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Issue Details: First known date: 2009... 2009 Creative Nation : Australian Cinema and Cultural Studies Reader
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Notes

  • Contents indexed selectively.

Contents

* Contents derived from the New Delhi,
c
India,
c
South Asia, South and East Asia, Asia,
:
SSS Publications , 2009 version. Please note that other versions/publications may contain different contents. See the Publication Details.
Introduction : Creative Nation : Australian Cinema and Cultural Studies Reader, Amit Sarwal , Reema Sarwal , single work criticism (p. xxvi-xlix)
Film and National Mythology : The Anzac Legend in Australian Films, Daniel Reynaud , single work criticism (p. 111-120)
Larrikin Ockers and Decent Blokes : The National Type in Australian Film Comedy, Felicity Collins , single work criticism (p. 154-165)
A Strange Time Machine : The Tracker, Black and White and Rabbit-Proof Fence, Jane Lydon , single work criticism (p. 166-179)
Perception, Convention, Expectation and Transformation : Representations of Aborigines in Australian Texts, Vijay C. Mishra , single work criticism (p. 253-277)
Aussie Battler in Crisis? : Shifting Cultural Constructions of White Australian Masculinity and National Identity, Katherine Bode , single work criticism (p. 337-357)
'Looking in All the Wrong Places'; Or, Harlequin False Testimony and the Bulletin Magazine's Mythical Construction of National Identity, Theatrical Enterprise and the Social World of Little Australia, circa 1880-1920, Clay Djubal , single work criticism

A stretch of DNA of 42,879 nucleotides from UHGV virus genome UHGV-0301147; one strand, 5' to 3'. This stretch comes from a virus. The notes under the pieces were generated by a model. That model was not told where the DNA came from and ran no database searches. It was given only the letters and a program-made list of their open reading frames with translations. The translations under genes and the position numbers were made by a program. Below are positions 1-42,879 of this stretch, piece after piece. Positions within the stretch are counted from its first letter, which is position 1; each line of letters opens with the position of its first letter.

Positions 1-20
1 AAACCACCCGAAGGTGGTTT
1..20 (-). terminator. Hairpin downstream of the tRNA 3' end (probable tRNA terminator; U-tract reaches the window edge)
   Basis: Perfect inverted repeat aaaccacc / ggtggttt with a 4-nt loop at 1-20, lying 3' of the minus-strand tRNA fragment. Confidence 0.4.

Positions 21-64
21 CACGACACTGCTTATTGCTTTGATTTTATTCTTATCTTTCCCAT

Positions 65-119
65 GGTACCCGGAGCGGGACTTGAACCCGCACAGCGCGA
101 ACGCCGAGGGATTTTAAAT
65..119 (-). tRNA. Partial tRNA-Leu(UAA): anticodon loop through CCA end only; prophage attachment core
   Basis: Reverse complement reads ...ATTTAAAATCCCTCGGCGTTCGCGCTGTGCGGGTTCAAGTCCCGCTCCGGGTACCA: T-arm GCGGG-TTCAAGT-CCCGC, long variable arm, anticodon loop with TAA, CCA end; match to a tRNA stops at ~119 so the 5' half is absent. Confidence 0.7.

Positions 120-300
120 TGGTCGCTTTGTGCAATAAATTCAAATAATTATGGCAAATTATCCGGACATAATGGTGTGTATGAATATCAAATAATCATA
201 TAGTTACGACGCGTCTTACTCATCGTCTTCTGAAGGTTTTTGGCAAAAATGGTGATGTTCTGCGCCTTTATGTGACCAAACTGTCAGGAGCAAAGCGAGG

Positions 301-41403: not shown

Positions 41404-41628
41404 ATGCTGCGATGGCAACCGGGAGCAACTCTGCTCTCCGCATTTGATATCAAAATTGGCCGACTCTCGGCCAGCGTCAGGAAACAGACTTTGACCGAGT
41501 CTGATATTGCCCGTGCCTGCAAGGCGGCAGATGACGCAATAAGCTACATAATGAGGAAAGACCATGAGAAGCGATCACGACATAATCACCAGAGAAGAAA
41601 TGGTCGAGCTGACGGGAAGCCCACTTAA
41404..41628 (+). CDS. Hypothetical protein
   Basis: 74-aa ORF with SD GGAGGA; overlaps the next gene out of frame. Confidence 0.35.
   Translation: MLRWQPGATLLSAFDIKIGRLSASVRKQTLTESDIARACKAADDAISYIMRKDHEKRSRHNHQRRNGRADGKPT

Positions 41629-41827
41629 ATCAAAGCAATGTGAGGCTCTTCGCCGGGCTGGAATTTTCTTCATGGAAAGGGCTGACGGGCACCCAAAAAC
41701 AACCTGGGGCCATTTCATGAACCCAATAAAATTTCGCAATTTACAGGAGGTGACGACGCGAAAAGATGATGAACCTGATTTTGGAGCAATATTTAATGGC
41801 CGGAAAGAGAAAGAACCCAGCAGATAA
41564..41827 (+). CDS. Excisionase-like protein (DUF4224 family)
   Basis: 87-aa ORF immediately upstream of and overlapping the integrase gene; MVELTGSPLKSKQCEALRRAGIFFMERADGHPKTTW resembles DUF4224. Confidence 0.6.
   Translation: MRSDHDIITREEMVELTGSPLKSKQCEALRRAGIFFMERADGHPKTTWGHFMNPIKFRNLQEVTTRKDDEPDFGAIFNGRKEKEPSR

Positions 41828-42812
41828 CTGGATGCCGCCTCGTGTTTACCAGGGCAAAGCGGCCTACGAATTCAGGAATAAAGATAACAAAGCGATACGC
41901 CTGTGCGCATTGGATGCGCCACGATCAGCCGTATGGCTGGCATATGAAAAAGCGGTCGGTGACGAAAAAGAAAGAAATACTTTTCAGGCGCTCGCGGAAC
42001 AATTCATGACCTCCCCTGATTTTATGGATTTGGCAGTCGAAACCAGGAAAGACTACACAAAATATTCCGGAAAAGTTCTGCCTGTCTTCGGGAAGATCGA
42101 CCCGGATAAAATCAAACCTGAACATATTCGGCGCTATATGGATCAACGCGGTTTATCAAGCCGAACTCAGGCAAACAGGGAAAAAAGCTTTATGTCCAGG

Published between 1880 and 2008, the Bulletin's crowning years are considered to have been the 1890s, a period also generally regarded as Australia's literary renaissance. During this decade the magazine encouraged a new generation of writers, illustrators, critics and journalists to voice their protest at the dominant literary forms and social attitudes while at the same time promoting strident nationalist sentiments.

The considerable literary reputations established by the Bulletin writers has resulted in the magazine becoming arguably the most commonly cited magazine in the literature pertaining to Australian drama, sociology, politics, journalism and literature between 1880 and the 1920s. However, recent research into pre-1930s Australian popular culture entertainment is beginning to cast much doubt on the methodological approaches taken by historians and social/urban biographers, particularly their reliance on literature as a means of gauging or explaining socio-cultural attitudes.

In this paper Clay Djubal uses the Bulletin as a sample case in order to demonstrate the flaws in a methodology which all too often fails to question the veracity and appropriateness of particular sources in relation to the wider Australian community. The paper further questions the belief that literature and other high art forms of creative expression accurately reflect on or speak for the broader popular culture demographic.

(p. 405-422)
Songs of Australian Indigenous Women, Liz Reed , single work criticism
Examines contemporary songs by Australian indigenous women and songs about them by Australian indigenous men. An outline of the evolution of Aboriginal rock music situates the discussion within an historical context in which music has been expressive of Aboriginal peoples' political struggles. Using the lyrics of Aboriginal rock music as texts, the author identifies some broad categories of men's and women's songs and considers gender's relevance to race and racism and Aboriginal women's survival of colonialism.
(p. 468-488)
Note: With title: 'A Voice in Modern Australia' : Songs of Australian Indigenous Women

Publication Details of Only Known VersionEarliest 2 Known Versions of

Last amended 17 Mar 2010 15:47:22
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